Evaluation of potential radon exposure from development of phosphate deposits

Eichholz, G. G. ; Ambrose, J. P. ; Skowroski, M. G.
Organization: Society for Mining, Metallurgy & Exploration
Pages: 2
Publication Date: Jan 1, 1987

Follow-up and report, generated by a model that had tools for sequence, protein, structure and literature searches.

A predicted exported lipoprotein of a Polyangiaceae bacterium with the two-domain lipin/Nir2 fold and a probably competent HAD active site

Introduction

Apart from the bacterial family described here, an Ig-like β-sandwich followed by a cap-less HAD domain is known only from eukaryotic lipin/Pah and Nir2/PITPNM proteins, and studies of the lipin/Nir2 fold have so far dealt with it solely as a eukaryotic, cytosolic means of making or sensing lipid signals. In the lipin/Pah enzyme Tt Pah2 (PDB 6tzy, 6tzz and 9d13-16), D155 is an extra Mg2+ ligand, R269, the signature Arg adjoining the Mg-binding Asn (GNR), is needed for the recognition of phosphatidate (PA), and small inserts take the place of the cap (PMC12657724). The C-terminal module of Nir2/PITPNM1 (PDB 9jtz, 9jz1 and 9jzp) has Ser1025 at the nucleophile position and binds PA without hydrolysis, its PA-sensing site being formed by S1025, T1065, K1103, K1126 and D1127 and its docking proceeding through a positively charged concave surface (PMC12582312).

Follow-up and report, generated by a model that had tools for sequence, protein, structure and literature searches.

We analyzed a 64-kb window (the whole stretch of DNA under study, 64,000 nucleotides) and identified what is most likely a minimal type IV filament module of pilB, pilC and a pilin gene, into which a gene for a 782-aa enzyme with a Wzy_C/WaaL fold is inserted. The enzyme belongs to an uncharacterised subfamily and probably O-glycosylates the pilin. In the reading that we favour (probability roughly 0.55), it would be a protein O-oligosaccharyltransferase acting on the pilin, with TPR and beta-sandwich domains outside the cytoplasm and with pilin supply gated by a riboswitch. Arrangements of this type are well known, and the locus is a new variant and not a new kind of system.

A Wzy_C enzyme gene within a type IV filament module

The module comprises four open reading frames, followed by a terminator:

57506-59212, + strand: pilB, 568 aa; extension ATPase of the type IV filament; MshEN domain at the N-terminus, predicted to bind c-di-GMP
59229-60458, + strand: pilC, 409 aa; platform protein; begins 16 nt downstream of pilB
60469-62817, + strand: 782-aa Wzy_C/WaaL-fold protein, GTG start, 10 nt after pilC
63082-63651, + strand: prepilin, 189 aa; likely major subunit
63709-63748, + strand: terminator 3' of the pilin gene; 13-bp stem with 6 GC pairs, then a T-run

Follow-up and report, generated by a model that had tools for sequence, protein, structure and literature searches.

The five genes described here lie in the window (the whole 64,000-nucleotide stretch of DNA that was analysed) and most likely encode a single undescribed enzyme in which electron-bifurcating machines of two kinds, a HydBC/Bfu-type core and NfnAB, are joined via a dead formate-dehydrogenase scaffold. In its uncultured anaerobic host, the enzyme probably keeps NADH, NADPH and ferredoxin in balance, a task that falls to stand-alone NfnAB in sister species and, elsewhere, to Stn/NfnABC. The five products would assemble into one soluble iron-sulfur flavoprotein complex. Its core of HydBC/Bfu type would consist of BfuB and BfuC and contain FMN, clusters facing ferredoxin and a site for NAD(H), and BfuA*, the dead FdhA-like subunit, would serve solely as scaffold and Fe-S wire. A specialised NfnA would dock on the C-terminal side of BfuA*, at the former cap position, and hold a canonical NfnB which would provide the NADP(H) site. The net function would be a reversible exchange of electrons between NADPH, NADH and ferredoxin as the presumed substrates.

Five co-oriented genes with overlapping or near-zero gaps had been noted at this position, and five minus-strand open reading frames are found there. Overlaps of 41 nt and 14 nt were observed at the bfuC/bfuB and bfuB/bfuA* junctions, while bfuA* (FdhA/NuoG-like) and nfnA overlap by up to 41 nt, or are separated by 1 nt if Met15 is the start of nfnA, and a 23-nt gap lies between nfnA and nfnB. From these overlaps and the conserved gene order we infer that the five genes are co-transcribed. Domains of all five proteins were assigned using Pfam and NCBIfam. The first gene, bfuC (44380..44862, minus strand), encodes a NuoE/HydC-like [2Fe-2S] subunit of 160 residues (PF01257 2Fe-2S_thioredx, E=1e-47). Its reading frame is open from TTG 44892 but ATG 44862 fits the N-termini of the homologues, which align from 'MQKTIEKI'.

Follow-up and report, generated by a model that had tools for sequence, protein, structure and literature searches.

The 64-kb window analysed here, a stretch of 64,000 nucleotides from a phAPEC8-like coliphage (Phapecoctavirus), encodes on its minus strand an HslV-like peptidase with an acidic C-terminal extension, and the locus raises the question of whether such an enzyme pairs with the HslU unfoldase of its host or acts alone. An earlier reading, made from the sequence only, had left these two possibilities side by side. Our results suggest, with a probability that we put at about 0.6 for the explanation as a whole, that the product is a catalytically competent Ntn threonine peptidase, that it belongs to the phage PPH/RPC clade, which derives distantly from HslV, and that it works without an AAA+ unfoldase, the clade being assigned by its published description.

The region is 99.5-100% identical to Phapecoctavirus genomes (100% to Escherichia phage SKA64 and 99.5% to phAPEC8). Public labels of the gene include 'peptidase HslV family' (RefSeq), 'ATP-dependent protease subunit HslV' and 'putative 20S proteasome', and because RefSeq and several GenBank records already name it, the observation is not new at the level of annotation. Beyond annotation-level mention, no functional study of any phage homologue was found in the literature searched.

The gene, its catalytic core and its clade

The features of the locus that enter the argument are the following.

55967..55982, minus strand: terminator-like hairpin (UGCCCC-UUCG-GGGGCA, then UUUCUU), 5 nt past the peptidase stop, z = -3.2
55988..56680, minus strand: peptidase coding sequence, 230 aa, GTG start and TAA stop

Introduction It has long been known that there are extensive deposits of phosphate-bearing deposits in the Coastal Plain of Georgia in many locations that are similar to those being mined commercially in central Florida. A major drilling program was conducted in 1966-67 by the Georgia Geological Survey (GGS). The economic potential of some of the material uncovered was evaluated at that time by a team at Georgia Institute of Technology led by Dr. J.E. Husted. There were some promising results. Since then, there has been little commercial interest in pursuing this matter, though the potential for development remains. In the long term, Georgia's phosphorite deposits could be a major source of income to the state if they were commercially processed. Phosphorite deposits contain significant levels of uranium and thorium. Uranium concentrations in Florida phosphate aggregates have been found to be 120 to 140 ppm. The presence of high concentrations of uranium means that there is a small but finite concentration of radium, which subsequently leads to radon gas emanation. It is the radon emanation and its progeny that may pose the largest health problem in many types of mining. Surface mining operations can possibly elevate the radon and radon daughter concentration in the vicinity. There is always some public concern whether any increase in the radon concentration in the atmosphere by mining (surface mining in the phosphorite case) could elevate the risk of cancer in the nearby population. At the present time, a great deal of attention has been devoted to the possible health effects of radon and its decay products in the inhaled air in mines and inside buildings built on mill tailings or uranium-bearing rock (Gesell and Lowder, 1980). Several evaluations have been published on the potential health effects of the Florida phosphate operations (Guimond and Windham, 1975; Roessler et al., 1980; Travis et al., 1979) and for buildings incorporating phosphate slag aggregates (Kahn, Eichholz, and Clarke, 1983; Roessler, Roessler, and Bolch, 1983). They all indicate that such potential effects are small, but tangible, compared with other radiation effects, for instance in the nuclear industry (Cohen, 1981). In view of the current concern, especially by the US Environmental Protection Agency (EPA), with the radiological consequences of large-scale mining of uranium-bearing phosphate rock (Guimond and Windham, 1975), it was decided to assess the potential radiological consequences if the Georgia deposits were developed. This paper presents an attempt to estimate the magnitude of any radon-based health effects that might arise from future mining operations in selected areas of the Georgia coastal region. To do this, a calculational model was developed that took into account the mining operations themselves, the atmospheric dispersion of the radon released, and the radon daughter concentrations in nearby towns. The model was applied to both extremes. The first application was a hypothetical mining operation in Echols County. Echols County is very sparsely populated and, unless living very close to the site, a person would probably experience little radiation exposure, if any. The model tries to prove this point. The second application was at a site near Savannah, Georgia. Both sites contain economically feasible phosphorite deposits and were not entirely hypothetical in that sense. Site selection In the course of the South Georgia Minerals Program (Furcron, 1967), an extensive series of drill core samples had been collected from various mineral occurrences in the coastal plain. It was found that the cores from the previous drilling program (Furcron, 1967), though carefully preserved, were not readily accessible. But the GGS reports did contain gamma logs of all the holes surveyed. With the cooperation of Dr. Neal Shapiro of the Survey, some core samples were selected and assayed, and used to calibrate the gamma log data. Samples from locations known to have detectable radioactivity were screened and counted. Their measured uranium content was used to calibrate the gamma log profiles for those same holes as obtained by the GGS. On this basis, two of the higher-level sites were selected and the calibration was used to obtain integrated uranium concentrations over the length of the borehole. It is customary to describe radon and radon-daughter concentrations in "working levels" (WL), where one WL represents a concentration of radon daughters capable of releasing 130 000 MeV of alpha particles, equivalent to 100 pCi of radon in equilibrium with its daughters per liter of air. A representative concentration is 0.15 WL, below which radon levels are widely considered to be negligible. For the mine sites selected, the surface area and rock volume were determined to estimate their radon content. Working-level values were then estimated for the assumed radon release from the crushed ore and the exposed surfaces of the mine pit. According to Kisielewski (1980), 93.4% of all radon released from open-pit operations is released from the ore zone; thus, the calculations assumed that those surface areas were the main sources.
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